I spoke with the expert juwi had at the open house, Dr. Mark Thayer of San Diego State University. He admitted that the studies do not look at the number of turbines in proximity to the houses. It seems most houses have just a few within a 1-2 mile radius.
According to the filed plans, there will be six or seven within a half-mile of us, 17 within 1 mile, and 35-37 within 2 miles! And we are not unique; many other homes around here are in the same boat.
What would happen if your home lost 40 percent or more of its value? This is the agonizing reality for residents and property owners in Chipmonk, Knapp Creek, the Four Mile and the Birch Run. ...Recently, the assessment rolls in Wolfe Island (on the St. Lawrence Seaway) were reduced by $3 million dollars because homes in close proximity to turbines lost value.
A wind "farm" creates an easement in gross over neighboring, non-participating property that impairs value. Thus, it is tantamount to an "inverse condemnation", or regulatory taking of private property rights.....an uncompensated taking.
I sent away for a list of property assessment reductions from MPAC for Wolfe Island Township (home to the province's second largest wind farm). This list, provided through the Freedom of Information Act, clearly shows all the assessment reductions since that wind farm became operational in 2009.
The list shows 78 significant assessment reductions since 2008 totalling $3 million. The six largest reductions were over $100 000 each
What we discovered was absolutely shocking to all of us. In spite of several years of mounting evidence pointing to serious problems with industrial wind energy installations in terms of health, property values, water quality, wildlife, and agricultural land degradation, the Government of Ontario continues to pursue, at breakneck speed, the approval and development of these projects.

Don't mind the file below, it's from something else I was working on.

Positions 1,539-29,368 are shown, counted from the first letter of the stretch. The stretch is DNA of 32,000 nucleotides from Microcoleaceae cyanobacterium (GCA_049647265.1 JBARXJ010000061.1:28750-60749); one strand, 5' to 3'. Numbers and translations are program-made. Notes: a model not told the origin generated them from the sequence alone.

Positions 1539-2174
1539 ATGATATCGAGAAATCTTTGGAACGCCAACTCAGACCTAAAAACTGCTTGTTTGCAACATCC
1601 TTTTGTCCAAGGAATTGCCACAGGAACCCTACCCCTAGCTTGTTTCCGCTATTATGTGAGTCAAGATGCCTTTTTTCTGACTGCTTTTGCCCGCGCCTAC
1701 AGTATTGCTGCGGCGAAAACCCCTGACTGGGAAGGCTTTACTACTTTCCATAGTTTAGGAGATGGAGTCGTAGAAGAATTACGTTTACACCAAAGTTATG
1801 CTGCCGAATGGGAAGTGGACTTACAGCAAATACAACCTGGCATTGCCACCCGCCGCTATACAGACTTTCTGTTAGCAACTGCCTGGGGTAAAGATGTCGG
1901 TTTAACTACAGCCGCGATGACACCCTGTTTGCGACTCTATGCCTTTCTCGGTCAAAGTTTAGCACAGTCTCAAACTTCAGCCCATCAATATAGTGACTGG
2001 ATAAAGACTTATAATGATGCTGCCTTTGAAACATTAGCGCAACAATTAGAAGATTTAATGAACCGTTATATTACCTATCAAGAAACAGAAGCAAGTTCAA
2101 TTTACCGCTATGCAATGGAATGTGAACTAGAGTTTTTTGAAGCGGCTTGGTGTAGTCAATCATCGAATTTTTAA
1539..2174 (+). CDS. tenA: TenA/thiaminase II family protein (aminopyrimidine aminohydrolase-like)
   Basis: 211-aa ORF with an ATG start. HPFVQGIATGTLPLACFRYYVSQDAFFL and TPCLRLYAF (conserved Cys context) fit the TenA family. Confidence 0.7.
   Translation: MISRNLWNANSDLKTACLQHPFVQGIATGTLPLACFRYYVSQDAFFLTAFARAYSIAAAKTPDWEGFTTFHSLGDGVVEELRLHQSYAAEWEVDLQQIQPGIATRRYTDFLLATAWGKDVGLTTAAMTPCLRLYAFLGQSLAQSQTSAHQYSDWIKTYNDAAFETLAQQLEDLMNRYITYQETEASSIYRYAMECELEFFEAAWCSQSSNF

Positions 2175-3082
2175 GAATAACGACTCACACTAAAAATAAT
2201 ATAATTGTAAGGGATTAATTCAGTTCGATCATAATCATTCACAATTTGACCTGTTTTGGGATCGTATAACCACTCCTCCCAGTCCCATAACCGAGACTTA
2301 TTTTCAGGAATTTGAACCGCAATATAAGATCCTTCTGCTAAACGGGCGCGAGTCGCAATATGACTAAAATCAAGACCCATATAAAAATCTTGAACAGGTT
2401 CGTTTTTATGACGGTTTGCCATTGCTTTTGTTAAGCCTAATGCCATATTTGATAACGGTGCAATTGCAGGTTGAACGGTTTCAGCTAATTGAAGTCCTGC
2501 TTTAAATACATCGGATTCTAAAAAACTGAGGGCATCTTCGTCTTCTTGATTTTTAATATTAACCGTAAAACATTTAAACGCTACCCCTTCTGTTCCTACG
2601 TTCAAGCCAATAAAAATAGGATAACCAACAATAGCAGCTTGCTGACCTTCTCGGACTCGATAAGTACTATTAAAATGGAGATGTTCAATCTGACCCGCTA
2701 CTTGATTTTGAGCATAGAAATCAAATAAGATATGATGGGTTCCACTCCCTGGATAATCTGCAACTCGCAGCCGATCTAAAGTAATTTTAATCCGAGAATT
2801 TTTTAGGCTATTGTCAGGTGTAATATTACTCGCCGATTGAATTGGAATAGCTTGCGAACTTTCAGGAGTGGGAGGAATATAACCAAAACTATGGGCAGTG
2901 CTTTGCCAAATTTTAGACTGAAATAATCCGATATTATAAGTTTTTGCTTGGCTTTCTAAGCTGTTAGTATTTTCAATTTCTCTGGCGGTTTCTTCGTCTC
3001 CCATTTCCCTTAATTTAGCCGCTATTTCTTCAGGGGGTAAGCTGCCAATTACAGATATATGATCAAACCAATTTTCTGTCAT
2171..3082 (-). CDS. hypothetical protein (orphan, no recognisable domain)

Across Ontario, rural residents among turbines are finding their houses un-saleable. Would you buy a house among 86 industrial wind turbines, 28 of them visible from the home and the nearest just 750 metres away? Some of the homes on Wolfe Island are within 500 metres of the nearest turbine.
Here in Northumberland, we live in one of the most beautiful counties east of Toronto. But, I am not sure our local governments really appreciate the effect of what is not in place for safety and environmental issues, and future protection from visual and noise pollution.
Why the focus on large wind farms? They are not environmentally friendly and pose a real danger for wildlife and its future in the area. ...In addition, there is the visual pollution of the hills we use to attract tourists.
Wind developers should take this case very seriously. And in this case, Canadian Hydro Developers - the wind developer in question - should have done a better job of siting the substation in an appropriate place.
There have been numerous papers written recently concerning the question of whether property values are affected by nearby wind farms. It's not a great leap of faith to realize that major structures close to residences like electrical transmission towers, highways, train tracks and wind turbines all affect the market value of our homes.
Does "Wind Turbine Syndrome," in which sufferers complain of fear, increased heartbeat and other symptoms, really exist? Will turbines reduce the value of nearby property? ...As more of the generators spring up around the country, local resistance seems to be on the rise.
From debris in the roadway to overhead electric lines in neighborhoods or across the visual fields of great buildings or works of art, most people knew what visual pollution was.
They still know, but those who hold onto their "greenness" like a religious conviction simply ignore it.
Now we can count the U.S. Department of Energy among the extremist groups.